Summer is here at last! It’s time to store coats in the wardrobe, get the deckchairs out of the garage and take a walk along the beach any time the weather works in your favour (here in the North you never know).
One of my favourite things to do at this time of year is sit in a terrace with a beer and a snack and watch as the different tribes in our city pass by: groups of boisterous kids, free of their school obligations; youths roller skating or carrying surfboards; tourists scanning the city with their Nikon cameras…
A few days ago I was sat in one of these terraces when a group of five or six people (they were around 50 years old) sat down at the next table. They were reminiscing about their youth and were talking louder than was necessary, which made everyone sharing the terrace party to their conversation. Within a few minutes they had informed me that “meals before were much tastier and healthier”, that “the teachers in our day knew how to teach, not like teachers now” and that “washing machines before worked for more than 15 years, whereas modern ones nowadays don’t manage half of that”.
It wasn’t the first time I had heard comments like these, especially regarding the short life span of household appliances and electronic devices. Quite often we come across stories about planned obsolescence (check out this documentary if you’re interested in finding out more). Such stories proffer that large companies encourage consumption for their own benefit, and hence ‘plan’ a limited life span into the equipment they manufacture.
I’m in no position to confirm or deny this assumption. That said, when we pay attention to the technological evolution happening right now, we notice other factors which shorten the useful life of many of the products around us.
For one, products are becoming increasingly complex, even those which fulfil simple functions. Whether because of new functionalities demanded by users, new security requirements or changes driven by technology trends, current products ‘can do more’ than their predecessors. Greater functionality requires more sophisticated control systems which, owing to space restrictions, must be implemented using new types of components, which in turn need better tools and more attention in order to handle them properly.
These ‘complex products’ must also adhere to very short development cycles which enable the range of products on offer to be renewed with ease and allow them to compete with innovative products brought to the market by competitors. These development cycles have to be well-designed and executed by highly qualified people. Problems arise when this doesn’t happen, often intermittently, resulting in the perception that some new products break shortly after being purchased.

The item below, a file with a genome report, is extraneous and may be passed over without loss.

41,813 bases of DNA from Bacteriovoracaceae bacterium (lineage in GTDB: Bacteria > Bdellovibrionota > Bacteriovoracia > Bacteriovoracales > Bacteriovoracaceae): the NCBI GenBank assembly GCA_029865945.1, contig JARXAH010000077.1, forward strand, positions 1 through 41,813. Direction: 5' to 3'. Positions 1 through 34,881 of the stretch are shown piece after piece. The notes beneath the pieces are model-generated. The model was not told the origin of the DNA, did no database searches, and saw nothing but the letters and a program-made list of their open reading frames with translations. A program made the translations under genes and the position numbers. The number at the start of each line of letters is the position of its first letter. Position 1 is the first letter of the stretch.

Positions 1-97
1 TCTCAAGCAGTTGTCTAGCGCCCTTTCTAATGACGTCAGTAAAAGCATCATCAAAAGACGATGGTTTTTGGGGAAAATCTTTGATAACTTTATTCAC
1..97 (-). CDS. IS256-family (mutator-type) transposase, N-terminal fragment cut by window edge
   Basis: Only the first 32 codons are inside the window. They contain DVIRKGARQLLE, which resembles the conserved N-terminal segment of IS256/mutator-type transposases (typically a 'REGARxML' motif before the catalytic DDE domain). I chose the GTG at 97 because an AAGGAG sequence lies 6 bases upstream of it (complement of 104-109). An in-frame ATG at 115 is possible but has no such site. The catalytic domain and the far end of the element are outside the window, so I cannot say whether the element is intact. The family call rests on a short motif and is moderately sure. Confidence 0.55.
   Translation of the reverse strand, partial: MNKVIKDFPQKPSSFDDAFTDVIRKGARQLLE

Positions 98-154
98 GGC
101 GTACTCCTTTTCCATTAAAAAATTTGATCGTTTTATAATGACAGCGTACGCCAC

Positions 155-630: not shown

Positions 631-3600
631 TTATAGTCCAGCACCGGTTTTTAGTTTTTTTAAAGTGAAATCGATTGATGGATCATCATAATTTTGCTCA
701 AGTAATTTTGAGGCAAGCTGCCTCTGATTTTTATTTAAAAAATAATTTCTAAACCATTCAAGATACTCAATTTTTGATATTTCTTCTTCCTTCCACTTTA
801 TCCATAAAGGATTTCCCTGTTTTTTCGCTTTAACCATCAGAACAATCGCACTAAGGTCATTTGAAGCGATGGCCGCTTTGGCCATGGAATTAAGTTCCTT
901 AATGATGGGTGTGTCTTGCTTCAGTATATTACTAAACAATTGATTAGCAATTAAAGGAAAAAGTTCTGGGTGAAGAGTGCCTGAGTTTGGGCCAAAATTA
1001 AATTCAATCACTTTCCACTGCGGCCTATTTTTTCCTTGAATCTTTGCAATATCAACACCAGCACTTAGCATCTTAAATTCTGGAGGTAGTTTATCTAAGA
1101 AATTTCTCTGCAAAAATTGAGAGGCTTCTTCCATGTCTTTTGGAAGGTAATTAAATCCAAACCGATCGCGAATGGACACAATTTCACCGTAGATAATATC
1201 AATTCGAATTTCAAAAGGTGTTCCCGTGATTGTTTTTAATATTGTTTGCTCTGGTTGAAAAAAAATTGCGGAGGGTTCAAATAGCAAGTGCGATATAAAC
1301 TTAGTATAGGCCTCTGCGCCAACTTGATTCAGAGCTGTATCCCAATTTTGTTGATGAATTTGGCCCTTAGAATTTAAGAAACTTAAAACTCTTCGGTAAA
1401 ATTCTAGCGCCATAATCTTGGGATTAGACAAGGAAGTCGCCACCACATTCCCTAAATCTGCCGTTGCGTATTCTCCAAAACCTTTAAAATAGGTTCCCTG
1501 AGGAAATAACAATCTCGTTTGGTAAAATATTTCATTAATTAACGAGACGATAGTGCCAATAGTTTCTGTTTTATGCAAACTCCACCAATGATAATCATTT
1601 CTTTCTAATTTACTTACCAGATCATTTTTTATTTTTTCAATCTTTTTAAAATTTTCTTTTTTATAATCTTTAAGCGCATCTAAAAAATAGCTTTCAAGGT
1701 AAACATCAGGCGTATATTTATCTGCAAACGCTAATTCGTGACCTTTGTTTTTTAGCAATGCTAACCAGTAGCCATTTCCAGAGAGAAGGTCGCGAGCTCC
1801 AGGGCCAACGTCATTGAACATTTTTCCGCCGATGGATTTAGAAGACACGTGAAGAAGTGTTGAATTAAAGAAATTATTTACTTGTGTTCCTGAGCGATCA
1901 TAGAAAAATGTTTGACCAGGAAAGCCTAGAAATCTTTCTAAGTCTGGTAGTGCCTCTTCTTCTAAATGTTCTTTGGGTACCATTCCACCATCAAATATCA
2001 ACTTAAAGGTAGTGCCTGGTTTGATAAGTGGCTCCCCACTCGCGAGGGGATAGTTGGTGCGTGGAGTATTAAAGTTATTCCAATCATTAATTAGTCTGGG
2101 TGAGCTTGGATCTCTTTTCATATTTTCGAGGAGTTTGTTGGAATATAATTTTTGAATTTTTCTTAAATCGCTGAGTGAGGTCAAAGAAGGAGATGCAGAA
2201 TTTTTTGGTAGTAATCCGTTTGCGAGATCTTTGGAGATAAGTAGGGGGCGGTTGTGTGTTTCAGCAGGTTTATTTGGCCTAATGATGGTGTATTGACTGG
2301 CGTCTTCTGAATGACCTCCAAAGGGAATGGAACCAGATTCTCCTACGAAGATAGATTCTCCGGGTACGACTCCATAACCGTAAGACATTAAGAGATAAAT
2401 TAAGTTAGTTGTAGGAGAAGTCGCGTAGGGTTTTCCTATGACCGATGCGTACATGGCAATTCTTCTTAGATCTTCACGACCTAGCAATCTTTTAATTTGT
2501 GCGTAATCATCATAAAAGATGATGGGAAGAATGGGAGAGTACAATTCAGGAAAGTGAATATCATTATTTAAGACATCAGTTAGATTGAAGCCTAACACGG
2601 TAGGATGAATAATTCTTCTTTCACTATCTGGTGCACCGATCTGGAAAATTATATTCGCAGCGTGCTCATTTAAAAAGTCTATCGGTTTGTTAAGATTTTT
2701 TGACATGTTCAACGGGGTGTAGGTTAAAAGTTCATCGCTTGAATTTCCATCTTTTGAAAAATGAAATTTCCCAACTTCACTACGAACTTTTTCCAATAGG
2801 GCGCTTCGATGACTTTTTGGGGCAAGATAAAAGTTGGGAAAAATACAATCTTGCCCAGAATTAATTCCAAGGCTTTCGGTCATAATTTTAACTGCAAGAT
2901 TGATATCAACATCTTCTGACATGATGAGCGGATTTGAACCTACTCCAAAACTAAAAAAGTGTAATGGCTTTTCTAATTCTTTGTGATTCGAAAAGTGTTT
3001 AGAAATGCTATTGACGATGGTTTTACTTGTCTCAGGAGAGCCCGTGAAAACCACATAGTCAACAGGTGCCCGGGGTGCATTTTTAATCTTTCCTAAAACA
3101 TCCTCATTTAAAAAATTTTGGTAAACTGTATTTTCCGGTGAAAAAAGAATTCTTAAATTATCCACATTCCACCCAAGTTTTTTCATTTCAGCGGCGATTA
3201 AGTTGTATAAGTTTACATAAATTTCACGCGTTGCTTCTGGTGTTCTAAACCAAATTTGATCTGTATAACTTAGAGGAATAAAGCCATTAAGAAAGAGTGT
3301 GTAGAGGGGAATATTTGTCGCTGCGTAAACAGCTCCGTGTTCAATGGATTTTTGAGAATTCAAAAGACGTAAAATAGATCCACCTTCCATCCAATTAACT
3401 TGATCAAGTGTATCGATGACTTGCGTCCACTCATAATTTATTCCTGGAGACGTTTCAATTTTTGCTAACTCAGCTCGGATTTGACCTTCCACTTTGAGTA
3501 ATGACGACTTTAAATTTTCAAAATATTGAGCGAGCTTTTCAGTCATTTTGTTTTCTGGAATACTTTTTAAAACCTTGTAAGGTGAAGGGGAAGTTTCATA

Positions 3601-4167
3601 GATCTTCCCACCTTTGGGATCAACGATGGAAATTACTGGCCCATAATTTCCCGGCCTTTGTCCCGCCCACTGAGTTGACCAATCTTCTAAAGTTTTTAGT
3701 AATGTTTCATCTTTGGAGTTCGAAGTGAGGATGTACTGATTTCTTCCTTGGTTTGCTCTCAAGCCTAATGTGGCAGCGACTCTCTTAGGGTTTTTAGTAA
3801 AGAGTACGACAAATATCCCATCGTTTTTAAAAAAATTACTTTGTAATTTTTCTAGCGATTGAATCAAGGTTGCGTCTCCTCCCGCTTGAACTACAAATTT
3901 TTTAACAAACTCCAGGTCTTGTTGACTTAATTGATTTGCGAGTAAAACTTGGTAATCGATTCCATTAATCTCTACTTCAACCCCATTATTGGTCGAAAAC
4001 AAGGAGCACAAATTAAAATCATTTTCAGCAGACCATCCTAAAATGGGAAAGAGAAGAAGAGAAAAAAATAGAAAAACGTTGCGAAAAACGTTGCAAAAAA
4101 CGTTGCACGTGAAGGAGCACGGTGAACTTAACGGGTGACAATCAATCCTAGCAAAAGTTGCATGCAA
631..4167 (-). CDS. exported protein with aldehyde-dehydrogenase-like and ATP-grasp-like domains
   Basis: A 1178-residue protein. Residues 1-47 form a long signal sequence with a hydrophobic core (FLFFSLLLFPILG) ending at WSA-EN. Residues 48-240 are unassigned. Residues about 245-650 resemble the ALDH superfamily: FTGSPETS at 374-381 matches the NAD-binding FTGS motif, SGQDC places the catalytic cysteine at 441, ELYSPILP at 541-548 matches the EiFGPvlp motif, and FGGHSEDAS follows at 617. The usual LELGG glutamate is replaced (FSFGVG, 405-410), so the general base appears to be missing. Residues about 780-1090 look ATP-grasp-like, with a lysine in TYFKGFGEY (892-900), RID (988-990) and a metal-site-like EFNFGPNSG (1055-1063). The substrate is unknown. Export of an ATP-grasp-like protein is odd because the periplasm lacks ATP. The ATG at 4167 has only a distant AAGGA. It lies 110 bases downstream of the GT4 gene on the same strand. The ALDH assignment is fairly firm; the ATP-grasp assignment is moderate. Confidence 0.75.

At IKOR we know these trends well, and we work continuously with our clients to overcome such challenges. We conduct research into new technologies, enabling us to get ahead of market needs for components. In doing so we can validate the tools and processes required and thus incorporate them reliably and effectively in our new products.
Our engineers in the IKOR TECHNOLOGY CENTRE have many years of experience collaborating with our clients to develop their products. We use additive manufacturing to reduce the design time of the mechanical parts in electronic devices, and we also focus on the product validation process. Our pre-certification laboratory facilitates streamlined performance of the environmental trials, electromagnetic compatibility tests and electrical security tests necessary to ensure that our clients’ products are reliable under the most demanding circumstances. We are endorsed by certifications in industries as demanding as the medical (ISO 13485) and automotive industry (ISO TS 16949).
If, like my friends on the terrace, you were amongst those who thought that “any time in the past was better than now” as far as product quality goes, I hope that this post has helped you understand some of the reasons behind this perception. A little later, when they started discussing the fashion of yesteryear and the trends sported by current celebrities, I took the opportunity to finish my drink and move to another terrace.